Dolls' Houses Past & Present

A website and ezine about dolls' houses: antique, vintage and modern. Plus furniture and accessories.

Faux Brick Tutorial by Emily Boutard

Because I have so little room, my next dollhouse project will be in 1:24 scale (half inch scale). This way I can assemble a whole dollhouse on my desk with ease, and store it on top of the bookshelf without issues.

I decided to start with a kit and do a "kit bash" to customise it. This is mainly because I don't have any power tools in my little apartment, so can't cut any walls in order to start from scratch. I wanted to do a classic Victorian, so I chose the
Fairfield by Greenleaf.

I decided to give it a nice red brick base. I decided to do so because I like the brick bases on these little houses and I wanted to imitate them.




I decided not to use the plastic brick sheets you can buy in the shops because I don't think they look realistic (they are difficult to paint). Also, it is hard to wrap them around corners in a realistic way. As such, I decided to make the bricks one by one instead. 

Below is an example of what can go wrong with plastic brick sheets if the measurements aren't quite right (I found this picture on Pinterest, the owner has done a beautiful job on the house in general).


I used egg carton to cut out individual bricks. Egg carton has the right texture to be brick of that scale. 


I then glued them on to the base individually, being careful to wrap them around the corners.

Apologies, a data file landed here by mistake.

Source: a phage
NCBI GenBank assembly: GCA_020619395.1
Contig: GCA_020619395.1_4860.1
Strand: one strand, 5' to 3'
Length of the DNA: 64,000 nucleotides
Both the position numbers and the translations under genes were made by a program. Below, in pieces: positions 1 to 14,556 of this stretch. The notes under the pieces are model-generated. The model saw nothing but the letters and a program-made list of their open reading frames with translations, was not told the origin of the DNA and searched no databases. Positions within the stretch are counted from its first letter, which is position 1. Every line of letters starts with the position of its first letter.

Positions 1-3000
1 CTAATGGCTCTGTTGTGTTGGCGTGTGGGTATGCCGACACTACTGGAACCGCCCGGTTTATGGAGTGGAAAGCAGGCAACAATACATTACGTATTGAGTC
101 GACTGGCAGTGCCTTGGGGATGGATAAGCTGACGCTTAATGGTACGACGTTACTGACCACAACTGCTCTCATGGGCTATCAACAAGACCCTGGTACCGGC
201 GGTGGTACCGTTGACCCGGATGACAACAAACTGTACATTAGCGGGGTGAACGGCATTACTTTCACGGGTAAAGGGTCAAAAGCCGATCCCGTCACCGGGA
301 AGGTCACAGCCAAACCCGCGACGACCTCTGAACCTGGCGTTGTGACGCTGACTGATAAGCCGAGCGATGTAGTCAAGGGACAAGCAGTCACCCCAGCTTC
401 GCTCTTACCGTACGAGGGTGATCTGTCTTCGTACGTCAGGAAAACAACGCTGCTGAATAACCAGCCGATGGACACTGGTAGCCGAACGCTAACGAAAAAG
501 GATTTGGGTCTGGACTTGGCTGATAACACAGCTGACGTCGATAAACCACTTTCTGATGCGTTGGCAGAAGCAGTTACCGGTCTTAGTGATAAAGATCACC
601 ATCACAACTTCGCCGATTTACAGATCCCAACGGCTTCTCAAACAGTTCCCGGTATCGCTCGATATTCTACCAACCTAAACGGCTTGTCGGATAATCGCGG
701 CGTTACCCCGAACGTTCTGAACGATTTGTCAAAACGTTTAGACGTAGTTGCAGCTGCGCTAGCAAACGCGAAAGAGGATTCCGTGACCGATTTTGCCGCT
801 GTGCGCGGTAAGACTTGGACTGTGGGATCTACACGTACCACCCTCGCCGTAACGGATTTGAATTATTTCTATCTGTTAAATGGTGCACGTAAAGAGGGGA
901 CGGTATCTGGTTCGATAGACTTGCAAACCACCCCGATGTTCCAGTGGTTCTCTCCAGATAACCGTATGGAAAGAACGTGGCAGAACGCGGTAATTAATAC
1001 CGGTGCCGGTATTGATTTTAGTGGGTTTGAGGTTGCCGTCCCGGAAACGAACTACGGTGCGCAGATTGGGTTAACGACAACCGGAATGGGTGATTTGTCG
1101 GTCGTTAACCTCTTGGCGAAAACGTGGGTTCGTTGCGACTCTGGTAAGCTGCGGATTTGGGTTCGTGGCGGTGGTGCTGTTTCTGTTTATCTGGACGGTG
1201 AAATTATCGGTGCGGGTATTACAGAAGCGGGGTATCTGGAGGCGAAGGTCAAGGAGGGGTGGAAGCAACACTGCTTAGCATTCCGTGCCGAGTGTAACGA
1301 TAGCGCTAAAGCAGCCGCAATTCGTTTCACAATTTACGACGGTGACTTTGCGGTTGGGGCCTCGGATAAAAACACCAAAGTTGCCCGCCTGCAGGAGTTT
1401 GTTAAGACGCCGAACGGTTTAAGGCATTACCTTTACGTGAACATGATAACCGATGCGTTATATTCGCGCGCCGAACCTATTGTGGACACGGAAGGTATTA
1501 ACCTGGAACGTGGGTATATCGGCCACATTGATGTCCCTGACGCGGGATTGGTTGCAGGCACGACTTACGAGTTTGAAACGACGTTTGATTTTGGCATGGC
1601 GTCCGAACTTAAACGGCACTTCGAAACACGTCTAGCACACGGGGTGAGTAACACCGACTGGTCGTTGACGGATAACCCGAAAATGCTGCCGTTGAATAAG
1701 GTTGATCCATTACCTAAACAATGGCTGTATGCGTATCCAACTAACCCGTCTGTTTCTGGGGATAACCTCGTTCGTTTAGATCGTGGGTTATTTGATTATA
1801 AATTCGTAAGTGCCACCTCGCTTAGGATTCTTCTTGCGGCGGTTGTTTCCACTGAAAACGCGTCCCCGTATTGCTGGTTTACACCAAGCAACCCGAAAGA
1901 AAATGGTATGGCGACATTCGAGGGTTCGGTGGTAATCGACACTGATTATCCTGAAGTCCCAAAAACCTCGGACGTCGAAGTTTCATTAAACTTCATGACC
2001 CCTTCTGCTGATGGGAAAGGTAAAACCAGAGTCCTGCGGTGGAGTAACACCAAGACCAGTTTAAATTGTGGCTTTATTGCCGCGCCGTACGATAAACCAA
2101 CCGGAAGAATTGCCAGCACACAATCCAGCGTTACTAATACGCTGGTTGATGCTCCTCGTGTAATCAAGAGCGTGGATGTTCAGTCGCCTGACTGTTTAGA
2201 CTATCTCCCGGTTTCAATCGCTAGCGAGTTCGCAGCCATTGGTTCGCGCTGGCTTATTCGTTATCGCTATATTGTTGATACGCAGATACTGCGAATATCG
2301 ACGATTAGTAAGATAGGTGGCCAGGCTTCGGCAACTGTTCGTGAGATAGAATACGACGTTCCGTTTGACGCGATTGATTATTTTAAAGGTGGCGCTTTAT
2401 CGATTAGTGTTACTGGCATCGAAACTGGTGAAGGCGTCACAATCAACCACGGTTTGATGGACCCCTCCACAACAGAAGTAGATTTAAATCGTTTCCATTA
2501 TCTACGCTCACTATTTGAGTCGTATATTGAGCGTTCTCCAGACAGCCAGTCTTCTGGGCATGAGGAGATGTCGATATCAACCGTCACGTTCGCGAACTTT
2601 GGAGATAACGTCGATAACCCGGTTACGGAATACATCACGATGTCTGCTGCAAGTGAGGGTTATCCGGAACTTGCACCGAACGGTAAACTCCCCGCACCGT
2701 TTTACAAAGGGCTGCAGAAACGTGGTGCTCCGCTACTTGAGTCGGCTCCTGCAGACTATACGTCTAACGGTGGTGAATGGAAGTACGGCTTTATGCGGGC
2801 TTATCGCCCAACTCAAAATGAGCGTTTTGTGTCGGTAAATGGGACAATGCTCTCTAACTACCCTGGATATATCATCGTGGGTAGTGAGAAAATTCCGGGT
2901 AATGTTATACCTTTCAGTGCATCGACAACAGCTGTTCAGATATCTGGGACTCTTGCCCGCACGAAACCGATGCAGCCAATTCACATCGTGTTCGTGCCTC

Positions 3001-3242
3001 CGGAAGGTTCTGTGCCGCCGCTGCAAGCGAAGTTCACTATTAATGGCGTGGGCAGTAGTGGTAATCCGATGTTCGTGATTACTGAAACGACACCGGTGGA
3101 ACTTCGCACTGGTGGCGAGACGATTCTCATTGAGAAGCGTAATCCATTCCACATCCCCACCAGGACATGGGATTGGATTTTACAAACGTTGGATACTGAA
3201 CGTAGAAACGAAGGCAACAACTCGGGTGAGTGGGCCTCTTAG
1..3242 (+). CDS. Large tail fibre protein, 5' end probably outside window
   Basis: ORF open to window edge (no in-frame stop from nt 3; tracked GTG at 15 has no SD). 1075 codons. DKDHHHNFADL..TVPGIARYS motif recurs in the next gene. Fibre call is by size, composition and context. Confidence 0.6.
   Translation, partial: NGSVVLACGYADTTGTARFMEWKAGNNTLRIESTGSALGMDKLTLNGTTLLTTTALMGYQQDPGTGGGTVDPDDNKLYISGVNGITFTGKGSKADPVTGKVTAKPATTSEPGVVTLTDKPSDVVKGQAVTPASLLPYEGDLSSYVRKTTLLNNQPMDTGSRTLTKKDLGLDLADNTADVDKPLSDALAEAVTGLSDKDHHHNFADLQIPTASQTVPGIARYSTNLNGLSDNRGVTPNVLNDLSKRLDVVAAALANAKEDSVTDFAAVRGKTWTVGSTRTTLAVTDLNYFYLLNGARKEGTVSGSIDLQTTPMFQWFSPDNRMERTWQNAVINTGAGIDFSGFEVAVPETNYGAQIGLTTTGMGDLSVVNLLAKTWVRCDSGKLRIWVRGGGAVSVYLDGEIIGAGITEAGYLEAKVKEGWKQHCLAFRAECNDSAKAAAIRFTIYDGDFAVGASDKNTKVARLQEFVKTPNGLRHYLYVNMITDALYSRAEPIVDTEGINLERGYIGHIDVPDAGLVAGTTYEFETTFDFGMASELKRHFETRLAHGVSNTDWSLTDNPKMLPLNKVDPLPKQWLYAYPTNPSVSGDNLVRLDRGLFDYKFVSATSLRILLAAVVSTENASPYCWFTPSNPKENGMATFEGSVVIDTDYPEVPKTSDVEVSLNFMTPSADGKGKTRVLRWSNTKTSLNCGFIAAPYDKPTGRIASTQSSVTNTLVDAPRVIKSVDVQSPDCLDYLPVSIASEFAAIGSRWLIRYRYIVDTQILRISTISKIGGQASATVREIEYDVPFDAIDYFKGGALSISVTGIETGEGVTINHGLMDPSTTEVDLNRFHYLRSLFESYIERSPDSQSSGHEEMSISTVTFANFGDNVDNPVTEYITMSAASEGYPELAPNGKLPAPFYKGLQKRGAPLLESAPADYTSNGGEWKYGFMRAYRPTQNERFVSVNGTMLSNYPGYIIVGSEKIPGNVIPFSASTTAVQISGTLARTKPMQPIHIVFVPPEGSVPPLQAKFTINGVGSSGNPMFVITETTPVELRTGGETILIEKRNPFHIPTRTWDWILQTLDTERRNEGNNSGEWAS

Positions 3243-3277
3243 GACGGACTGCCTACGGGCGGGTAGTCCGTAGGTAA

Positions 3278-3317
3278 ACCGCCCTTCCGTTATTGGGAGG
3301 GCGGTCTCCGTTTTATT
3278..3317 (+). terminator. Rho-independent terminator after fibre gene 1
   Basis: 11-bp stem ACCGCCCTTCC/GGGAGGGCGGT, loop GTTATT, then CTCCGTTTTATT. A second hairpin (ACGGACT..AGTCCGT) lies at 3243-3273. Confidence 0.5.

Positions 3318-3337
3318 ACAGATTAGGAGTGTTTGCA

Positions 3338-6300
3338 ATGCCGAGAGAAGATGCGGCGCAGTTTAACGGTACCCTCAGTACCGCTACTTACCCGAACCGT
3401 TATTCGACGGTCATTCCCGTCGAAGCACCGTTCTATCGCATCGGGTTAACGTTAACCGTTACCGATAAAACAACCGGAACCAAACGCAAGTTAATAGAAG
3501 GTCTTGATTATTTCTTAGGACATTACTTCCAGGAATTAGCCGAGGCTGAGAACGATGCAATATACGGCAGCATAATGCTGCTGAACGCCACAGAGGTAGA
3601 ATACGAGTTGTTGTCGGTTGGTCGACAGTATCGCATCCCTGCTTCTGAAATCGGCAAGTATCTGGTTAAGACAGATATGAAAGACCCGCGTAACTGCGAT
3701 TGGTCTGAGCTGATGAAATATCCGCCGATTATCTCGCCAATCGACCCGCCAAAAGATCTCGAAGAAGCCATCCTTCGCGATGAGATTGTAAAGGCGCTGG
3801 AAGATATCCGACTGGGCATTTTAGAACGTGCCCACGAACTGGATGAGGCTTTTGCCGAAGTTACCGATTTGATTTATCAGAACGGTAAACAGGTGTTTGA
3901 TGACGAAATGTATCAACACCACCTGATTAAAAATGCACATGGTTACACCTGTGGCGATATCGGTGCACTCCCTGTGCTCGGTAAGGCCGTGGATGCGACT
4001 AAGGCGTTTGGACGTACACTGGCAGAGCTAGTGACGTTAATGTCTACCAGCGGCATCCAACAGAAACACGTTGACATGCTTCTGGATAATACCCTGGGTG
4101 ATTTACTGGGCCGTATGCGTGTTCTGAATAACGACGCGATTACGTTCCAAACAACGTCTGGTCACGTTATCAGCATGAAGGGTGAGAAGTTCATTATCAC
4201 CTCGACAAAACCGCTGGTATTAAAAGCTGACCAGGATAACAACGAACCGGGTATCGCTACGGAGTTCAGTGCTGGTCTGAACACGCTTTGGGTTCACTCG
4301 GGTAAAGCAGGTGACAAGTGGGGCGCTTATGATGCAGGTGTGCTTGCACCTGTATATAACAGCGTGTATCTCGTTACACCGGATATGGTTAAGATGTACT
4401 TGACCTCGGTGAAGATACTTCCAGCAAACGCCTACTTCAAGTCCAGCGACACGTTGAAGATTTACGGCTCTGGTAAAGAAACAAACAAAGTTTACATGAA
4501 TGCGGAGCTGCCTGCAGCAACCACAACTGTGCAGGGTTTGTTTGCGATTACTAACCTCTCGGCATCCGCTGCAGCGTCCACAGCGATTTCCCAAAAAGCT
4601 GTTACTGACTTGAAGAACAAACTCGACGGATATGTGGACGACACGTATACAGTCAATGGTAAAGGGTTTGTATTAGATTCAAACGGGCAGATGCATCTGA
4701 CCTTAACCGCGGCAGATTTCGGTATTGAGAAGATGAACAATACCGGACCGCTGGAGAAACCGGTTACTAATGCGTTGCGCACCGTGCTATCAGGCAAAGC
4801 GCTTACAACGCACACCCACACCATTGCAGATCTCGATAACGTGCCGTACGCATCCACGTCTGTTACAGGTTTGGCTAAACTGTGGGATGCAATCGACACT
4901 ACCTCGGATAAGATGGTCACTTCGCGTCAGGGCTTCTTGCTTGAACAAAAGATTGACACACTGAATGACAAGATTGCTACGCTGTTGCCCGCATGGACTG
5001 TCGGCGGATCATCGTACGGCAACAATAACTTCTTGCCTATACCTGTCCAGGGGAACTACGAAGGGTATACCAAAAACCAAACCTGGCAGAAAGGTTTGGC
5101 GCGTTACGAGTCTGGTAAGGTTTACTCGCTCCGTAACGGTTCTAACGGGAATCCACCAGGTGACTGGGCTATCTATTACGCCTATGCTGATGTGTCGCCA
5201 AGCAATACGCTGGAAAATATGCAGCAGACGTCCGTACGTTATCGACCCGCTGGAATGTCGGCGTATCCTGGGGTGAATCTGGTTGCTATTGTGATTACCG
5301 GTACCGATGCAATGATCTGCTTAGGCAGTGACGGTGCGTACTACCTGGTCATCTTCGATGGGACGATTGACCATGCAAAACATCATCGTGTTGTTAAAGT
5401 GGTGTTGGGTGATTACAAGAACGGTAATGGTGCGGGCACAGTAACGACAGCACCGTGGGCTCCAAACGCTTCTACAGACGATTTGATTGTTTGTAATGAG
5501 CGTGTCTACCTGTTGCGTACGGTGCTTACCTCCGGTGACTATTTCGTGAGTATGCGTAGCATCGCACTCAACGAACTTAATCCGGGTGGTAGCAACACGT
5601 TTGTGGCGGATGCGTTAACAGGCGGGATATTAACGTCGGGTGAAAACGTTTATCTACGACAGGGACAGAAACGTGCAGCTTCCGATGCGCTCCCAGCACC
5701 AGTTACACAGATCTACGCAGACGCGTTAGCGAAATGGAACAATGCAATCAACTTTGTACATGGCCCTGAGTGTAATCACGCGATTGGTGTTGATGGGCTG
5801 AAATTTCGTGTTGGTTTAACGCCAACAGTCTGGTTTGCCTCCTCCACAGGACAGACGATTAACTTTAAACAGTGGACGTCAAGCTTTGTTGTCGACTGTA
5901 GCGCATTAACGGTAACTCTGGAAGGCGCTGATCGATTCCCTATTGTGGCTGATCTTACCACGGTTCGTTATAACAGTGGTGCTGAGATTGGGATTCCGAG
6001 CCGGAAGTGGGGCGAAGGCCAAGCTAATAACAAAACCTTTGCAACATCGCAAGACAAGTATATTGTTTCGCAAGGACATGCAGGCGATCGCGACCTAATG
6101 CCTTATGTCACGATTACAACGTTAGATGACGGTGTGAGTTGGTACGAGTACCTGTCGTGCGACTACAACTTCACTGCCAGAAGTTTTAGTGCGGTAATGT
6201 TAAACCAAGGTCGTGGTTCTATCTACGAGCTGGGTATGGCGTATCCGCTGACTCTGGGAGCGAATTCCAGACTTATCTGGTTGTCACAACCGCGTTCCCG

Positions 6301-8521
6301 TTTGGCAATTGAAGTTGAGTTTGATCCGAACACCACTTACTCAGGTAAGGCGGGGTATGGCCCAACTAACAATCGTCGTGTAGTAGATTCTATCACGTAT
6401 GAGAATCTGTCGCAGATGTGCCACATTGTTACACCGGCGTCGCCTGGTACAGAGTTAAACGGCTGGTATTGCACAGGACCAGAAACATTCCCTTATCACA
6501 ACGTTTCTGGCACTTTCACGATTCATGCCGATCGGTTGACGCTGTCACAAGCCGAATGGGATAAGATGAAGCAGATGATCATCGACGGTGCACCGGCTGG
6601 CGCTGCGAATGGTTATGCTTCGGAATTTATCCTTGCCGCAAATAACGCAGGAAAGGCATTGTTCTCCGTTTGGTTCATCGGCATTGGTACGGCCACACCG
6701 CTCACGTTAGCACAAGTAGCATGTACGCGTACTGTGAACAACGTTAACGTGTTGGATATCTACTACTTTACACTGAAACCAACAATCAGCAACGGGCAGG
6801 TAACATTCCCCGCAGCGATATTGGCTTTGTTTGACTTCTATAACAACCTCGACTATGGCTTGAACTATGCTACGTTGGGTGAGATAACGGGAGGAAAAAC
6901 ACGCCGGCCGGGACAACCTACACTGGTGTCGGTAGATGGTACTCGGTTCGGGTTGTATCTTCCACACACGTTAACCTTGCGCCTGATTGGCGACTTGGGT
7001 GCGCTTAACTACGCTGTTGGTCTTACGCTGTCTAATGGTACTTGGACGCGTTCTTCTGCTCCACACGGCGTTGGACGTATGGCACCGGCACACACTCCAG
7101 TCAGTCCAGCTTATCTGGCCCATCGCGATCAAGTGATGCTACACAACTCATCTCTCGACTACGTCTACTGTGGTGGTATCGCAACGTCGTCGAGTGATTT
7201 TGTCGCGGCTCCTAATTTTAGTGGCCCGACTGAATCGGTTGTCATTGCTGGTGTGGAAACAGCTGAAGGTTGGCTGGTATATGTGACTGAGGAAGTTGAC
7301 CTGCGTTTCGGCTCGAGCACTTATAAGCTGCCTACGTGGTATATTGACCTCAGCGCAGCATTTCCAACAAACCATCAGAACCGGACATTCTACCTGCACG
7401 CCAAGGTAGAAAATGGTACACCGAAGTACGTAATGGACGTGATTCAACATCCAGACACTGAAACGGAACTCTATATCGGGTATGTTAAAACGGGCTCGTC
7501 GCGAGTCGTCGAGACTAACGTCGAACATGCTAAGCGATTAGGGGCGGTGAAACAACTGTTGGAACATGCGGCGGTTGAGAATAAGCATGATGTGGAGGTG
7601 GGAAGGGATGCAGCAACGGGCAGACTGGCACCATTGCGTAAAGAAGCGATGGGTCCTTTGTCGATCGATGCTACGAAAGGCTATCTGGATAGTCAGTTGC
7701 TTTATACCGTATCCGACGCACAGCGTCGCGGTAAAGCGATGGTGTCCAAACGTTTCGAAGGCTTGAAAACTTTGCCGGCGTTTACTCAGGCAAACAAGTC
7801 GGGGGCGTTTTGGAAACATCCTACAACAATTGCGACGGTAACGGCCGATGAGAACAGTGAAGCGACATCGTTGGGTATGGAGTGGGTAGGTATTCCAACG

I then mixed up some red/brown paint (you could make the brick any tint you want), and painted two coats onto the bricks.  


Then, in order to show the grout in the bricks, I used timber gap filler. I rubbed it in between each brick (this was a little bit time consuming).  


I then took a wet cloth and dabbed away all the excess gap filler.


I then gave the bricks a more realistic colour by dusting them with black, brown and green chalk pastels (the green was for moss in the corners). After this I sprayed the bricks with some gloss sealer which you can buy at art shops and is usually used to seal paintings. This gave the bricks a bit of a shine/glaze which looks a bit more realistic and also removed any suspicious a viewer might have that they were made of cardboard.



Below you can see that the right corner has been coloured with pastel, while the left corner hasn't. Notice how much more realistic the right side looks.  


I then decided it would be important to have grilles/lattice between the brick posts which support the porch (these posts were not included in the kit, I added them using offcuts). These grilles are quite common, and look very nice.  


I made them with some basewood strips I had cut.



They sit nicely between the porch brick posts, although now I am feeling doubtful that I have done them the right scale...I have a sneaking suspicion I should re-do them using slightly finer slats. Thankfully this won't take too long, and it is the small details that make a house!



Finally I used some off cut wood flooring to do the porch. All in all, it has made a good effect.



You can find more info on how to do brick in this way at one of my favourite blogs, Otterine's Miniatures (some more tutorials are referenced here too).  

You can see more of my Fairfield build on my blog, Architecture of Tiny Distinction.

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